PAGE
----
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But remember, not all backups are the same.

When is a Backup Not Really a Backup

We already know that not all backfields are run by a true three-down back. There is a myriad of backfields that have two strong RBs. In these situations, the backup is not considered a backup – they are an RB2 with strong RB1 potential if the stars align. Often you could be starting that player in a flex position every week or using them as a fill-in on a bye week. Two examples of this situation are Tampa Bay and Cleveland. In Tampa Bay, the number one RB on the depth chart is Leonard Fournette, with Ronald Jones being the backup. Both are going off draft boards exceptionally close to each other, about a round apart, with the UDK consensus rankings putting Jones as RB28 and Fournette as RB37. So, what do you do in this situation? This is a spot where you have no backup per se; you simply have two strong RB’s who might trade-off having better weeks. Not to mention the fact that Giovanni Bernard is now in the mix. Backfields like this are often ones I avoid. It is too hard to pick the right player to go off in the right week.

Another prime example is the Cleveland Browns backfield. You have Nick Chubb, ranked at UDK consensus rankings RB6, being drafted in the middle of the first round. Following not too far behind is Kareem Hunt. Hunt is coming off the board around RB26 in the fourth round. This situation is slightly different than the Bucs backfield in that Chubb is a clear RB1. However, Hunt still can have massive value. Last season he averaged 12.5 fantasy points a game, only four less than Nick Chubb. And he played every game, while if you were a Chubb manager you lost him four games due to injury. Chubb and Hunt have the smallest difference in ADP between the starter and backup, being drafted only three rounds apart.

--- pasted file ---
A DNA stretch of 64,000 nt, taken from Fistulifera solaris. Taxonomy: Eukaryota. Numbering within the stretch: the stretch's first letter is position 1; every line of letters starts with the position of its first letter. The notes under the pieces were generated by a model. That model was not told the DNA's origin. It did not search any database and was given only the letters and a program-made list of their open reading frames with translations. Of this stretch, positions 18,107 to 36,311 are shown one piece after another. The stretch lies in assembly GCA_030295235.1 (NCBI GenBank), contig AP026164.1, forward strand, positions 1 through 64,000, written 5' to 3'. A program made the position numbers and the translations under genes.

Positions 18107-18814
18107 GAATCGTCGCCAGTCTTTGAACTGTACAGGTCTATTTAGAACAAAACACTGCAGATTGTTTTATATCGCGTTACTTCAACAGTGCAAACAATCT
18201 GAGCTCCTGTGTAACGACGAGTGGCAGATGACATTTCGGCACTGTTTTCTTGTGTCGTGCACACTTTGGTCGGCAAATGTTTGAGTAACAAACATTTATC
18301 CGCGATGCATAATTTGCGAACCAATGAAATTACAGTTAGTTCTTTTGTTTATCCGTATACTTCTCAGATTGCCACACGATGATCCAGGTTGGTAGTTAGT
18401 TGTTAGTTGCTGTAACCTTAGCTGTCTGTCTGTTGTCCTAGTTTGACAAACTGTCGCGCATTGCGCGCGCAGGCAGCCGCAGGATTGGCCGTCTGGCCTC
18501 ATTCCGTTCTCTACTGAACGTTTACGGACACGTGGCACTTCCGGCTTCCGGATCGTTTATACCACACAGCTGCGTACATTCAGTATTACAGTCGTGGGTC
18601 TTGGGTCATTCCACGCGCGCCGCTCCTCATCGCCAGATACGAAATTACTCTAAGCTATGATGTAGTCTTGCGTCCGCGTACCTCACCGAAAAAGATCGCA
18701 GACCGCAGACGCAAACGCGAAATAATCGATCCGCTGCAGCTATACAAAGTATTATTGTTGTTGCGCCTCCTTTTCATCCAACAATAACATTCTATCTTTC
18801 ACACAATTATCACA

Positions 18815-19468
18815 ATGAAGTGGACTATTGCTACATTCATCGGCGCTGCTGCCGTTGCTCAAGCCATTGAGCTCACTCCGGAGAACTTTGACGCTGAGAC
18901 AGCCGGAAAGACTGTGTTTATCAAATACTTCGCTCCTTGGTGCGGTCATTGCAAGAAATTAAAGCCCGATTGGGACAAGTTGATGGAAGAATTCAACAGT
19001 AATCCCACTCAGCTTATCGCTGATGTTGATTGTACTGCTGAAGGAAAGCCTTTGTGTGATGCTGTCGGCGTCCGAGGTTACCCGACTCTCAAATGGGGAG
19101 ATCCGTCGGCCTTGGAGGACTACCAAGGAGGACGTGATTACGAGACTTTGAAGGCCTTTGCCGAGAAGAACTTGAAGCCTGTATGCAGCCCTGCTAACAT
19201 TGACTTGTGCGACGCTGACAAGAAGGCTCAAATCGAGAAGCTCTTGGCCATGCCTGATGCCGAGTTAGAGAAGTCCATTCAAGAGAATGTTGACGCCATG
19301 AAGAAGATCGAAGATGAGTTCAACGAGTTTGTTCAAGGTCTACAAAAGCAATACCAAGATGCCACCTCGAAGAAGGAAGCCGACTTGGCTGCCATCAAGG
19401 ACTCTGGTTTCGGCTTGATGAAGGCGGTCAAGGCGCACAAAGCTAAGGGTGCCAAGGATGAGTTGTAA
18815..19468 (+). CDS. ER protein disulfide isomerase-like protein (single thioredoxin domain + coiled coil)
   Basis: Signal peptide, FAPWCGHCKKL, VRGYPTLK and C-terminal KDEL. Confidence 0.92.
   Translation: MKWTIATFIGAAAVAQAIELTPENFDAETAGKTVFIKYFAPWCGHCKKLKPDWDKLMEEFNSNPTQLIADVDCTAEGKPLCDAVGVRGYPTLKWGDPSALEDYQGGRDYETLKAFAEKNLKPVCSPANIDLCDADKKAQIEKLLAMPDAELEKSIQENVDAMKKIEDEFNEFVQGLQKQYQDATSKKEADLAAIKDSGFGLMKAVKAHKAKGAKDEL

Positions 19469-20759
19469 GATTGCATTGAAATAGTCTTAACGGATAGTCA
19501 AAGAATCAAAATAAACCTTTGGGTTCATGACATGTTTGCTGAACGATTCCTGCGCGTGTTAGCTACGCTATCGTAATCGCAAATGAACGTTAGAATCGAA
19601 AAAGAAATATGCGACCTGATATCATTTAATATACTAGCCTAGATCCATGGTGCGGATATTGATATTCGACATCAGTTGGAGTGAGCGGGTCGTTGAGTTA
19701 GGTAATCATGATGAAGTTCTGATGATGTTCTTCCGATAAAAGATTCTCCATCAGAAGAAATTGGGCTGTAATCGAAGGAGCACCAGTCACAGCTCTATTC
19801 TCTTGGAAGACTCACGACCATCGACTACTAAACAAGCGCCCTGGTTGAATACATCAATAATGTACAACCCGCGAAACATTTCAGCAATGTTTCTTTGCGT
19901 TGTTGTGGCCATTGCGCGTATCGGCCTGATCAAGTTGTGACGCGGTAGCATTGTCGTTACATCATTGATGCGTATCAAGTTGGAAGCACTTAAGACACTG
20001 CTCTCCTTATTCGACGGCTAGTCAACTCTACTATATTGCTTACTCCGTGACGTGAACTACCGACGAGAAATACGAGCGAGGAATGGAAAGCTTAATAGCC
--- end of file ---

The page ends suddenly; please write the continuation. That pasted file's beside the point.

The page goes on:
The Age Old Swoop

There is also the age-old question of who’s backup is more valuable? Is it more beneficial to roster the backup of someone else’s RB or the backup of a RB from your team?

Let me paint a picture. Say I manage Dalvin Cook, and my league mate Dan manages Derrick Henry. Should I draft Alexander Mattison with my last pick or Darrynton Evans? If I draft Evans and Henry goes down, I could roster two potential RB difference makers and leave Dan in the dust. Sorry, Dan. But then what happens if Cook goes down? My hand is left in the cookie jar and I am left to scour the waiver wire for a startable RB. It is a complex situation that often makes fantasy players throw their hands in the air and say, “I want none of this!” That reaction is 100% valid and understandable.

Personally – especially in a deeper league – if I draft one of the top five or so RBs, I always try to grab their backup with a much later pick. I have seen too many people burned over my tenure playing fantasy football. I know with that pick, I am losing the opportunity to get an upside player that may have an explosive year on their own, a Darnell Mooney or a Gerald Everett, if you will. But that’s just how I play. Insurance is a personal decision.

And always remember, Derrick Henry was once a backup who someone stashed on their bench.

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Bob says:

Interesting read, not sure if I can forego an upside WR at the back of my drafts but you make solid points.

That back RB list is outdated though.